This was the title of an exhibition I went to yesterday evening at the Estorick Collection. It consisted of 50 black and white photographs of Naples taken by Johnnie Shand Kydd between 2000 and 2008. He chose to use a Rolleiflex (square format film camera) because he thought this would convey the ambience of the city better than a digital camera.
His images reveal a darker side to the city and highlight the significance of ritual, religion and superstition to its inhabitants.
The images were divided between 2 galleries, and in each room we were given a narrative. One of the narrators was a young lady who worked for the Magnum agency and was able to put the images into context by commenting on composition, lighting and texture and making references to other photographers and cinematographers (eg Fellini).
The other narrator was a friend of Johnnie Shand Kydd who was able to give us insightful and amusing anecdotes on the stories behind the images and the thought processes of the photographer.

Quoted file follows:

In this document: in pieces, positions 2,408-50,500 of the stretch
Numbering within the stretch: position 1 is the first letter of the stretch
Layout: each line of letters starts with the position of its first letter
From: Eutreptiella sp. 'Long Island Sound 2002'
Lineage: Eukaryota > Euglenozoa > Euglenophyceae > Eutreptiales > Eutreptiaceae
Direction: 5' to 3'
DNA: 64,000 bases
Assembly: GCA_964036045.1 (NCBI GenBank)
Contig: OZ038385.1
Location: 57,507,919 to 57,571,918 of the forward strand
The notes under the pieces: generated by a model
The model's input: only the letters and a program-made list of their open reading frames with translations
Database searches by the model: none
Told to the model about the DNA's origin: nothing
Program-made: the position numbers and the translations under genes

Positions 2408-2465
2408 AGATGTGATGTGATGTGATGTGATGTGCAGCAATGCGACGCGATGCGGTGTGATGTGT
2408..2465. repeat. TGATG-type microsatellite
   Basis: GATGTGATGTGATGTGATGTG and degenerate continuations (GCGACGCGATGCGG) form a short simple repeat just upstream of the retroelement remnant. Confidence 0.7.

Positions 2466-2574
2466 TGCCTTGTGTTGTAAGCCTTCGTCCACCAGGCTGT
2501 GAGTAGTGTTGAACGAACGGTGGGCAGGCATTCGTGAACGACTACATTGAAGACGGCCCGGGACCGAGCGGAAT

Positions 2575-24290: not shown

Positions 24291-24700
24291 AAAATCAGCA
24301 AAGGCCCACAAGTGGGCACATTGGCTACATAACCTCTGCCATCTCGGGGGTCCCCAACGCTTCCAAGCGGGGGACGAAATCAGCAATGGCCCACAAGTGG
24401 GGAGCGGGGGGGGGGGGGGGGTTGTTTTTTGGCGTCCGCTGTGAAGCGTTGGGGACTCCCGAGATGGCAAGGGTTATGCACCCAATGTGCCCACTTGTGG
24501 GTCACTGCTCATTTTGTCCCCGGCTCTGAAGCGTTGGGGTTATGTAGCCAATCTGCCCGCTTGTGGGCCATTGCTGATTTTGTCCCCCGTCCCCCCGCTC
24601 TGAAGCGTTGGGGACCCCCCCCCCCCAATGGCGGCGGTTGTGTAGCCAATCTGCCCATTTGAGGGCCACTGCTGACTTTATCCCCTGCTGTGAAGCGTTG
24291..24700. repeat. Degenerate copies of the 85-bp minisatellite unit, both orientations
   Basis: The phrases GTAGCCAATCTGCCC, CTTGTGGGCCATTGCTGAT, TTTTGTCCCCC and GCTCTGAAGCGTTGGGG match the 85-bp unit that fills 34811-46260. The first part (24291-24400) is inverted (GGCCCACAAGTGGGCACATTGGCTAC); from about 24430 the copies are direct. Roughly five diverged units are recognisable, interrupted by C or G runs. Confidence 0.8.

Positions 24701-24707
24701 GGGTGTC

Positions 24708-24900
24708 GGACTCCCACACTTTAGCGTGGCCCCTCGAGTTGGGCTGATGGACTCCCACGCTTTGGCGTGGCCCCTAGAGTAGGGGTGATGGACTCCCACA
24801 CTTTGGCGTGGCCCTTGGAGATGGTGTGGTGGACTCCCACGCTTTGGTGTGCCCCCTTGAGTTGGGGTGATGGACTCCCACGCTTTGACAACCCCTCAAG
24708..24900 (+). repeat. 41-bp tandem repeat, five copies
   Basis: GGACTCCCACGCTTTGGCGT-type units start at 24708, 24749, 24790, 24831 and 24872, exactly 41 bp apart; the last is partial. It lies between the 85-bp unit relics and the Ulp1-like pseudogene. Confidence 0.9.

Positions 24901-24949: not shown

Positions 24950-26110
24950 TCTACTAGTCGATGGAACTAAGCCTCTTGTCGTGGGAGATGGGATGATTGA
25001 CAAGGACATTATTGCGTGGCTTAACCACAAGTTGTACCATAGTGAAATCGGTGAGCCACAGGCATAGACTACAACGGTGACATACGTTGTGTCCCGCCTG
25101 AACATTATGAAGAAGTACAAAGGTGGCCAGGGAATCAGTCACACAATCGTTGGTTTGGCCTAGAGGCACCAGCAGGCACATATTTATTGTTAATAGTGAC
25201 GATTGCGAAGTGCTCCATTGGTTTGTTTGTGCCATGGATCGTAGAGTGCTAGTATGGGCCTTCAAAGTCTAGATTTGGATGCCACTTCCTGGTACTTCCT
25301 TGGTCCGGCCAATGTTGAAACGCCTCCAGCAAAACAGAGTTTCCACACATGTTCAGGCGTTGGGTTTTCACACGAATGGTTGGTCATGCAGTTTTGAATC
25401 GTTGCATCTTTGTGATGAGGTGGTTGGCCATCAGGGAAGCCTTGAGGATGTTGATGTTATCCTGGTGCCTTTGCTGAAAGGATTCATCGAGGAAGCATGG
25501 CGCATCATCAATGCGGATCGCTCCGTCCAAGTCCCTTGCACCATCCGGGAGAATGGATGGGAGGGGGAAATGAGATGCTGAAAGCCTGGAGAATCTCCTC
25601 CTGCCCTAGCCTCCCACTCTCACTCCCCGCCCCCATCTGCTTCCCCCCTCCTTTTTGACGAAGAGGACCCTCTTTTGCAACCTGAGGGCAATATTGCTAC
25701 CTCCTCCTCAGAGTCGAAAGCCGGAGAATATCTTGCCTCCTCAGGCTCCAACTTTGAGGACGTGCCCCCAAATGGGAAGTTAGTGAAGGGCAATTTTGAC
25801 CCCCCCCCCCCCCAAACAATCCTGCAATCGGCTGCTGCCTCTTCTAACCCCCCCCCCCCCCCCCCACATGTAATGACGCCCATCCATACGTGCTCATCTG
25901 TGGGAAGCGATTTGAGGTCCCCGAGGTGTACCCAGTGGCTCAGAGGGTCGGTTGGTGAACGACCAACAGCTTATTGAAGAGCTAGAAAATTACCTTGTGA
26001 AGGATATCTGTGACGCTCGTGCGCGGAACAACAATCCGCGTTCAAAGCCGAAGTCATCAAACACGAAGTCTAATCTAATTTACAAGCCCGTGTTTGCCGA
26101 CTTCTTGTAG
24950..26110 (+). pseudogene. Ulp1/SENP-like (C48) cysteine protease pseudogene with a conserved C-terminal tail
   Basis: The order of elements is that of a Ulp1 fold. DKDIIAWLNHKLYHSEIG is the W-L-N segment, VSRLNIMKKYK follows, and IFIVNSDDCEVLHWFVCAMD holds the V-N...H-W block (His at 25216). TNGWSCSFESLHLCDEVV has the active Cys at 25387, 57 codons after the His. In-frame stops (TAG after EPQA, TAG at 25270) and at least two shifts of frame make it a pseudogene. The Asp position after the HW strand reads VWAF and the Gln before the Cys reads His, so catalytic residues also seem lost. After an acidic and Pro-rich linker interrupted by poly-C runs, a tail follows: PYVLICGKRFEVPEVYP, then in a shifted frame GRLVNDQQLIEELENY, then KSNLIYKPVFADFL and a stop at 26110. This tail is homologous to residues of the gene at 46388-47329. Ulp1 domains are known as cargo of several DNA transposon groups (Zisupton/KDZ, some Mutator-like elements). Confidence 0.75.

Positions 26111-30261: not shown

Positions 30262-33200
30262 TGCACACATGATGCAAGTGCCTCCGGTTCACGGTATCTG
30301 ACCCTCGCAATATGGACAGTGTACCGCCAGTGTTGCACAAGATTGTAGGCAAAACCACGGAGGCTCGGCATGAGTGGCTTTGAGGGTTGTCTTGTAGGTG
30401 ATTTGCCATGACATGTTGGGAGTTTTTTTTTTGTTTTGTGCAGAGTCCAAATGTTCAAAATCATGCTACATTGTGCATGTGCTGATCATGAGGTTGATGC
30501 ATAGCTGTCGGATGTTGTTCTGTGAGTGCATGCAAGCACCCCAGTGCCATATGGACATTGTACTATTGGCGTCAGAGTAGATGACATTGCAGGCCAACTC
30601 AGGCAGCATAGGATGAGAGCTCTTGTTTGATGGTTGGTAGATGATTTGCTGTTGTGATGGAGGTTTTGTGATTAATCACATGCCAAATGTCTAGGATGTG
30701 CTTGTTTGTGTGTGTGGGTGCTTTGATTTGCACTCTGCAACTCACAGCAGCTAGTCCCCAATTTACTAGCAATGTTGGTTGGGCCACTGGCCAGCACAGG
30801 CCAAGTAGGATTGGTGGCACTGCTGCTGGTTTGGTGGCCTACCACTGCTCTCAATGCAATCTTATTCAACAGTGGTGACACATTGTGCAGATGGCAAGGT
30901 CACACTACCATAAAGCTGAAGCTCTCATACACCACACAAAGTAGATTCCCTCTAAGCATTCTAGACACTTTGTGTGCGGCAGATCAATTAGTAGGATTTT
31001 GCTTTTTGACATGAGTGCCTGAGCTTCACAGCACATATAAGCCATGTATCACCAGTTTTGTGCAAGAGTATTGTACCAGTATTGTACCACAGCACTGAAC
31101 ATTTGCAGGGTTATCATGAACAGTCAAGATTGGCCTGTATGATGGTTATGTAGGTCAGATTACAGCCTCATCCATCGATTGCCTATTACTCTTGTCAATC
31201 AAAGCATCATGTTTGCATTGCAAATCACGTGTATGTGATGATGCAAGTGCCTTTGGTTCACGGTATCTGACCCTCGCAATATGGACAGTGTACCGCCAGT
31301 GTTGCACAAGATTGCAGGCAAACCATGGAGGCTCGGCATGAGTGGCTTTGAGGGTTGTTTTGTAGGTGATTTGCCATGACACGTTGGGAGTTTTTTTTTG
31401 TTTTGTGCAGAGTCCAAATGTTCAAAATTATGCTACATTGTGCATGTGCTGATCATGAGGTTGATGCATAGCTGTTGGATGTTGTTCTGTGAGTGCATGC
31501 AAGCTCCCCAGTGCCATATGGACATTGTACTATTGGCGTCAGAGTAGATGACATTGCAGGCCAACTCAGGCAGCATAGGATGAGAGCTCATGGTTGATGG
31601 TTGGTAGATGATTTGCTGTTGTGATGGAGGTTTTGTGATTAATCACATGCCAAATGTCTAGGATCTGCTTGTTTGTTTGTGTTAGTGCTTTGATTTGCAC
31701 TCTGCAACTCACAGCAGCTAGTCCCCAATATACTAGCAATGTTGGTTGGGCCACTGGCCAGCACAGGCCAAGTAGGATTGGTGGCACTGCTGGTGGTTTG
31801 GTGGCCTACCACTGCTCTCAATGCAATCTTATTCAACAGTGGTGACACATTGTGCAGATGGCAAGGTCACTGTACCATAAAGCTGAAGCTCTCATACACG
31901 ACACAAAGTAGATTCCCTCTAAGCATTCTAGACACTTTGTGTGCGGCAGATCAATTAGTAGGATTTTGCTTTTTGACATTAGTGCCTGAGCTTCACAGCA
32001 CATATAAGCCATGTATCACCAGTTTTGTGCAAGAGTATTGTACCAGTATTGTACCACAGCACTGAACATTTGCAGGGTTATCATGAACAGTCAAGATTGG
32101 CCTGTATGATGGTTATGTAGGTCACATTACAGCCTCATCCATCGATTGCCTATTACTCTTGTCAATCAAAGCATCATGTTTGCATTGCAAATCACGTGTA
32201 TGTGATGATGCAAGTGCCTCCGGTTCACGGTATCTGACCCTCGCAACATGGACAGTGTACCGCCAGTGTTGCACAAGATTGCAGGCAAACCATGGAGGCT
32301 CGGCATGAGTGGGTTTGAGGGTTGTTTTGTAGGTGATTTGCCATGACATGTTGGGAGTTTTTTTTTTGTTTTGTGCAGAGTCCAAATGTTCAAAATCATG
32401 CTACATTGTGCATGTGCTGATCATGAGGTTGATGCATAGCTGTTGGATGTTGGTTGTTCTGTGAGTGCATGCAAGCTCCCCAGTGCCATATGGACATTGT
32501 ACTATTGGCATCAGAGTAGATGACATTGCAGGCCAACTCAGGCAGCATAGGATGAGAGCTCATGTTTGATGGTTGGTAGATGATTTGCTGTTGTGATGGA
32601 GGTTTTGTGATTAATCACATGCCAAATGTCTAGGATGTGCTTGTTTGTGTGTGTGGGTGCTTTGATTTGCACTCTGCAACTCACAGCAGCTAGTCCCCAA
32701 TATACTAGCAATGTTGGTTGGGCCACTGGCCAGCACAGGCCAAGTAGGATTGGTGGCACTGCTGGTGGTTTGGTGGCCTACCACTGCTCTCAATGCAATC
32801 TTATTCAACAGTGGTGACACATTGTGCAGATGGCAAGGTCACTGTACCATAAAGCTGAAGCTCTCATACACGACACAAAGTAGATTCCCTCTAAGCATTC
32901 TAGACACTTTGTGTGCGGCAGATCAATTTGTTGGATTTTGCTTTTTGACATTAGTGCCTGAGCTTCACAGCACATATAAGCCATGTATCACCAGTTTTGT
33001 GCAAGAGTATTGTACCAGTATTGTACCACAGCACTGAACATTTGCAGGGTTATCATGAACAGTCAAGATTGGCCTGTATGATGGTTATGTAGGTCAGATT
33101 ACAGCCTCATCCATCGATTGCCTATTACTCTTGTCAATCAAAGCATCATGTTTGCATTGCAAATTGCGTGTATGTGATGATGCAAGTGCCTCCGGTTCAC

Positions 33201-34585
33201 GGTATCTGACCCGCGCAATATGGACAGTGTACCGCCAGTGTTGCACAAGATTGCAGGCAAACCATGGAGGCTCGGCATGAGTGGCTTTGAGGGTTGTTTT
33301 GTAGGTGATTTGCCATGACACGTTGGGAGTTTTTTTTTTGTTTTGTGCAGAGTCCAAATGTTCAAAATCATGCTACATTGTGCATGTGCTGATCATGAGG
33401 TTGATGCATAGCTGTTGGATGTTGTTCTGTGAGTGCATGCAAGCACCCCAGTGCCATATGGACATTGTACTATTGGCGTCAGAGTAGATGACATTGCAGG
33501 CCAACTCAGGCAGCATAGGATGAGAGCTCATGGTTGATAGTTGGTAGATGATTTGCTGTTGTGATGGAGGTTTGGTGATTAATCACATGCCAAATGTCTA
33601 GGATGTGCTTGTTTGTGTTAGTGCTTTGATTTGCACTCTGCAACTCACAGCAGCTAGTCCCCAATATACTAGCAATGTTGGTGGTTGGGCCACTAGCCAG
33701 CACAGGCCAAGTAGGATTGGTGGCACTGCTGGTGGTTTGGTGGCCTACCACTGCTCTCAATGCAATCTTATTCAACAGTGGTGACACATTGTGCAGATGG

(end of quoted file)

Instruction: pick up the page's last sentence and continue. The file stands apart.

It was interesting to get 2 different perspectives and the ability to ask questions was a unique opportunity. The next best thing to speaking to the photographer himself.
Naples is known as the Siren City because of the legend of Parthenope who tried (unsuccessfully) to seduce Ulysses with the beauty of her song, then threw herself into the sea, only to be washed up at the place that later became known as Naples.